Is it ever appropriate to judge a book by its cover? Perhaps not, so this is my disclaimer: The following is a review of a book cover, title, and promotional materials, not the book itself. I don't know what Michael Alan has written about why he wishes his children had a potentially fatal disease. I don't intend to shell out twenty dollars to find out, either. I would be willing to bet I could list every point the book makes without reading it, but that is not the same as knowing.
The book's title states clearly, I Wish My Kids Had Cancer. The subtitle references "survival" and an "autism epidemic." The book has a website, where people have left glowing comments about how "this book has changed my life!" There are currently 8 customer reviews on Amazon.com. All rate the book highly, and words like "devastating," "affliction," and "vaccinations" are much in evidence. There is even a facebook group supporting I Wish My Kids Had Cancer.
Of course Michael Alan is not the first to make such an outrageously offensive statement. Last year, Jenny McCarthy said that she would like her son to have measles. Others have had no problem stating that autism is worse than cancer, most famously David Vardy of the Autism Society of Canada, who added, in case anyone missed the point, that autistic people have "a normal lifespan."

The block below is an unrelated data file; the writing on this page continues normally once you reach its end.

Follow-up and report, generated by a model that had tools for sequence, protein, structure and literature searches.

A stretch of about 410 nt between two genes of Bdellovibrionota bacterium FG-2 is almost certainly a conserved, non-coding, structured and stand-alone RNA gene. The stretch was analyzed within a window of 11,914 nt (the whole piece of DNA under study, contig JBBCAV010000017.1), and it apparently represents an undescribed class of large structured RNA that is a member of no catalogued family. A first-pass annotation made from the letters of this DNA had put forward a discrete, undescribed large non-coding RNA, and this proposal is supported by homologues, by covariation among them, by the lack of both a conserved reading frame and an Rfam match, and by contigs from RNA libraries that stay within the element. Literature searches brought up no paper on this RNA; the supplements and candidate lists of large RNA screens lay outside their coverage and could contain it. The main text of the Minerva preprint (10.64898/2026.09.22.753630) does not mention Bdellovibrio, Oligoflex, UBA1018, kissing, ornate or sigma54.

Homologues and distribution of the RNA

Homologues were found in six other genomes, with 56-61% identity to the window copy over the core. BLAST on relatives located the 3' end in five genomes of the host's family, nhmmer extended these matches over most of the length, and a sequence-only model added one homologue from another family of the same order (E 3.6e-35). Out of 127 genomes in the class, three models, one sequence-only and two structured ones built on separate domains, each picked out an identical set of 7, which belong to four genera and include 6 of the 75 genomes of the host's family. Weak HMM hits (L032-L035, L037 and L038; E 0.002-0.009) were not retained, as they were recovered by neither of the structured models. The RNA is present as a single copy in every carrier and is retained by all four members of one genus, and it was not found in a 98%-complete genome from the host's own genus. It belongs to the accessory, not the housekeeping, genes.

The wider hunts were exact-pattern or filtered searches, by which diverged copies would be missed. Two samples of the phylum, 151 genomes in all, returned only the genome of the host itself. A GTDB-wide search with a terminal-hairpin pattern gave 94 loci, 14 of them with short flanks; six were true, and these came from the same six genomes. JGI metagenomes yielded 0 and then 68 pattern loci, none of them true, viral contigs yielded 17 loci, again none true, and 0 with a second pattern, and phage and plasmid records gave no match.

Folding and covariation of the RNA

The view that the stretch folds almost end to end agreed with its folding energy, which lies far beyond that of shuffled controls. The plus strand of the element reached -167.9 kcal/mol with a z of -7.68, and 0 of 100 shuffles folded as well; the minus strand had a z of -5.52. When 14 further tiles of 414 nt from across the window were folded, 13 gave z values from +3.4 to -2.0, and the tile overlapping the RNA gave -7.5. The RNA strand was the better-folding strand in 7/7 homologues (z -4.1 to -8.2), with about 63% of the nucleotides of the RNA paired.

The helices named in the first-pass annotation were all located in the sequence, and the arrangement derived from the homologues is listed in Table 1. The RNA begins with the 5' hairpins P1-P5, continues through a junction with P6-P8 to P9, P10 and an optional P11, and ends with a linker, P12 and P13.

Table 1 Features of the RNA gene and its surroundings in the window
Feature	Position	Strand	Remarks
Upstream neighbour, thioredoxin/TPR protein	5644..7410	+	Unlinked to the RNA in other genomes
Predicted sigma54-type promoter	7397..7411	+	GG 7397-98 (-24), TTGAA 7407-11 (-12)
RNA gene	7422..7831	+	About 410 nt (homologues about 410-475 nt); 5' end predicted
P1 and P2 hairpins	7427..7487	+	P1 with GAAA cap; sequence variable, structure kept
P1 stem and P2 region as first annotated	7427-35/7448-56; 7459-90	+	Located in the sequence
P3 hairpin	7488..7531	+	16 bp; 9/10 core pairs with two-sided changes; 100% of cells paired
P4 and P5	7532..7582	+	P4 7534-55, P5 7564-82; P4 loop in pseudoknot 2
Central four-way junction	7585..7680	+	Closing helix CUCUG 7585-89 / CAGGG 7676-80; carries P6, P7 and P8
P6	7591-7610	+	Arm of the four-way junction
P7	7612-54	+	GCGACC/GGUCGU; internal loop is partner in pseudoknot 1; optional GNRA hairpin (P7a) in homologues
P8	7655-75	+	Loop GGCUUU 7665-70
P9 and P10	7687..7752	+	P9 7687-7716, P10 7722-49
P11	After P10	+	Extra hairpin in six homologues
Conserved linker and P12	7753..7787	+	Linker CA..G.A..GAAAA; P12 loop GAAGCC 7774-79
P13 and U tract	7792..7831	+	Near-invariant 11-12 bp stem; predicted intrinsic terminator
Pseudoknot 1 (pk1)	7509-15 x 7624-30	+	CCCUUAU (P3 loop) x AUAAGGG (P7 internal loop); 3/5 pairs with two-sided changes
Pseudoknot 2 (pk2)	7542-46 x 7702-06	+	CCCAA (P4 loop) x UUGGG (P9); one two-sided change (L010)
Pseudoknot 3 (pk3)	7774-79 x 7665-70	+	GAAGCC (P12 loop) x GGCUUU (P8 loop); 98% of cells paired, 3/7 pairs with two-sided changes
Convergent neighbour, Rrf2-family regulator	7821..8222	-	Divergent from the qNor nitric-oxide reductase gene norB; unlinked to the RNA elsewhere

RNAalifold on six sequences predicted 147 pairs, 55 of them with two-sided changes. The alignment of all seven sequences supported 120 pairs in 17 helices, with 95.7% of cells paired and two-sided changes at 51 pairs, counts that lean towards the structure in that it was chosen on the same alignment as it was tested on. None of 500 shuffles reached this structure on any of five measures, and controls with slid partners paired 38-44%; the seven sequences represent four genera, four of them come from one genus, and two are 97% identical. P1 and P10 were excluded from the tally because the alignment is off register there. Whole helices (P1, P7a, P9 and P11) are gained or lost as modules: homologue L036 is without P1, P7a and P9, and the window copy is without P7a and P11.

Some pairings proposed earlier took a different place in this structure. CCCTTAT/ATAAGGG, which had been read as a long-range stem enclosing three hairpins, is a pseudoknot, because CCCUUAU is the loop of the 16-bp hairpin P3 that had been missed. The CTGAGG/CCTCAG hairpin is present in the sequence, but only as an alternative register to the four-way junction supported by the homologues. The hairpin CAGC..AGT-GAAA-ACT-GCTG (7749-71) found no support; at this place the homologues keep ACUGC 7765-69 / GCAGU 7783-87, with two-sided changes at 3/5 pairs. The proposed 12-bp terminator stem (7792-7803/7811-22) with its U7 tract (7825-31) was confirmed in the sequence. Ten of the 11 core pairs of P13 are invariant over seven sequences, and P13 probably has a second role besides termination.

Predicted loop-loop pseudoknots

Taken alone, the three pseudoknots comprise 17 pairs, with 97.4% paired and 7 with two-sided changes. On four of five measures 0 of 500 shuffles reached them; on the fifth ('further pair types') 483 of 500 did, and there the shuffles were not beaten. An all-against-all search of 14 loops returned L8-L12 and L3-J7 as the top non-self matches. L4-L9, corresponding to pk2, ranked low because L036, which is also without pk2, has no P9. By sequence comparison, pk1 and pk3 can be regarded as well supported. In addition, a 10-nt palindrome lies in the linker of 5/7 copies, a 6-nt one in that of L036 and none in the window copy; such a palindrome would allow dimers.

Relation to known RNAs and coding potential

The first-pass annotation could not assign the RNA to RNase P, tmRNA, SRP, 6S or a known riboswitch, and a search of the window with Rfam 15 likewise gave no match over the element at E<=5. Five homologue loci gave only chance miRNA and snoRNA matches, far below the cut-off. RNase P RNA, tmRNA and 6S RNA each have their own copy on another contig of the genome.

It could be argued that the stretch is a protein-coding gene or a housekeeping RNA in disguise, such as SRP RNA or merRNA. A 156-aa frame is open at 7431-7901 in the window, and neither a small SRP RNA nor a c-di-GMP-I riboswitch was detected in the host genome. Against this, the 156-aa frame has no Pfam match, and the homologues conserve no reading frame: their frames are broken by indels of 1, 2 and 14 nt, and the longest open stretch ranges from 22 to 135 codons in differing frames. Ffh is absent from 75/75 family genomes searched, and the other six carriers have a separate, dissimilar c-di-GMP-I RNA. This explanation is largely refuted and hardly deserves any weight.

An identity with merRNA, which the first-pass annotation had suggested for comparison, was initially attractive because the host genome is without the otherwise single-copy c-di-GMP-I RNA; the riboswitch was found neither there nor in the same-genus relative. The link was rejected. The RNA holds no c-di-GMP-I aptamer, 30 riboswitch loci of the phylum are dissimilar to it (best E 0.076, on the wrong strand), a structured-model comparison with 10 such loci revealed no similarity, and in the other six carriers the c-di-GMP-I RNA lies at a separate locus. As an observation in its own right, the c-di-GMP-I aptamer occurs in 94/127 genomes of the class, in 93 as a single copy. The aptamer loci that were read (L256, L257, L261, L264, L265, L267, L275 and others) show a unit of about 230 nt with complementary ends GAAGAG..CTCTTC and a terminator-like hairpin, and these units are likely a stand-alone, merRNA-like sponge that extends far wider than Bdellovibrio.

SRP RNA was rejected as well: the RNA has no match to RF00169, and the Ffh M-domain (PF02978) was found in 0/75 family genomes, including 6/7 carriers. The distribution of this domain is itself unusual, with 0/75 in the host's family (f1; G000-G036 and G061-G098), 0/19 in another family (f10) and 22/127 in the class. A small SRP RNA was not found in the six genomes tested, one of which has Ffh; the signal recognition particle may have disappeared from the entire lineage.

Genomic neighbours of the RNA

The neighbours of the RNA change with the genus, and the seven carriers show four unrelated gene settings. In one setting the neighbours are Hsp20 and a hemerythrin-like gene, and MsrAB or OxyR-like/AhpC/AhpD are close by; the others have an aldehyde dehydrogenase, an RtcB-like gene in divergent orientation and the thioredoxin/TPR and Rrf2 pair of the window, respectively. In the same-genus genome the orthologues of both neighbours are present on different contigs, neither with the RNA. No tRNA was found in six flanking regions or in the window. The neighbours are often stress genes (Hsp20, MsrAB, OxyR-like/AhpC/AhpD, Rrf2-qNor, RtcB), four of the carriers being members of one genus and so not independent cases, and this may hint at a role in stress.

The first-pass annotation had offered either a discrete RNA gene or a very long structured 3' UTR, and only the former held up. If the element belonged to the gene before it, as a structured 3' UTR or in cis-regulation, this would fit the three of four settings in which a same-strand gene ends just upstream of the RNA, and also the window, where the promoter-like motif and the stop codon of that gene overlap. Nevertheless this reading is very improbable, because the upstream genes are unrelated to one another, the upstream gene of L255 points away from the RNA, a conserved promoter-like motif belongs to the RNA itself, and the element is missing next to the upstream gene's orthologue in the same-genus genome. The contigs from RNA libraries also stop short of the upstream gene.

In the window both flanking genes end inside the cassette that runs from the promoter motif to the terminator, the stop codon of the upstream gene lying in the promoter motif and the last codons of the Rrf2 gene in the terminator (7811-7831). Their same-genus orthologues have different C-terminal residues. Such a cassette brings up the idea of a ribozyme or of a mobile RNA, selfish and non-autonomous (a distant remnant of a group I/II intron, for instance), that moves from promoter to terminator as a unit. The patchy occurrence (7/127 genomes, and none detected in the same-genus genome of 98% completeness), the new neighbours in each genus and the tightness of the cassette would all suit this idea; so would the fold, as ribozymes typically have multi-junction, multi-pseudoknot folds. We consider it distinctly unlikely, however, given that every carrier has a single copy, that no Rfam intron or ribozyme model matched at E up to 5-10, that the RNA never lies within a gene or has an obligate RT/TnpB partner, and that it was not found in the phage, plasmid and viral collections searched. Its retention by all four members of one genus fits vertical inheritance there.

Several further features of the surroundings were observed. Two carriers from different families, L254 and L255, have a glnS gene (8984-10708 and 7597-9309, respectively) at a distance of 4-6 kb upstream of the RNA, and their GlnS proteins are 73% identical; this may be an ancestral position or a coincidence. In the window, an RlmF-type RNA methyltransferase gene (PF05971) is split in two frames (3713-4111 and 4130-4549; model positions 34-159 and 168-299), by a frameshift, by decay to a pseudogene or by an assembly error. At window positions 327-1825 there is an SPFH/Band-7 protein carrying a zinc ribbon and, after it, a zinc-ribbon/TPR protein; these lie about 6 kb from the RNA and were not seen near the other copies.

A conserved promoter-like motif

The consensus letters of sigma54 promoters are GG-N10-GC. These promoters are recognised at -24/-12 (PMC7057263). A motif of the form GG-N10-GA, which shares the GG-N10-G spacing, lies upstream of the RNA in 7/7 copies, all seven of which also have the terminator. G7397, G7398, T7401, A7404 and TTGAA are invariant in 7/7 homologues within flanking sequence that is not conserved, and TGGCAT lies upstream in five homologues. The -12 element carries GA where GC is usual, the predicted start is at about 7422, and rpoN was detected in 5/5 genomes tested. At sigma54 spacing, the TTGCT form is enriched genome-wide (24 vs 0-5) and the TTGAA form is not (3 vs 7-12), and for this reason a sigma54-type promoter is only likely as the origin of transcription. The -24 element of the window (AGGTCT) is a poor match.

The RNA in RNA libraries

Alan's book cover also states that proceeds from sales of the book will be donated to "charities to help families with autism." In case anyone is wondering which charities these might be, the facebook group's description provides a clue:
***Includes expert testimony from leading DAN! Dr. Mary Megson***
So, Mr. Alan wishes his kids had cancer. How is this my problem? Well, because once again, someone is working to stir up fear of autism, and the consequences for autistic people will include continued misunderstanding, exclusion, and abuse. How terrible must a condition be that one's own parent would prefer to see his child faced with cancer? What is the value of such a life? With every such morbid comparison, autism and cancer, autism and tsunami, autism and death, these associations become more tightly woven in the collective consciousness. With each one adding his two cents worth of stigma, the jar fills up. The perceived value of autistic people declines. The thought that autistic people need not exist becomes more ingrained. Until the thought is no longer recognizable as a belief. It's "common sense," background noise.
Lest we forget that there are many families in which a child does have cancer, I cannot imagine that any of them would find Michael Alan's intentionally provocative title amusing in the least. Like anyone else, an autistic person can be affected by cancer. While clearly I abhor this book's title, I also hope in all sincerity, that Michael Alan's wish does not come true.
I would like to thank Andrea Shettle for alerting me to this story.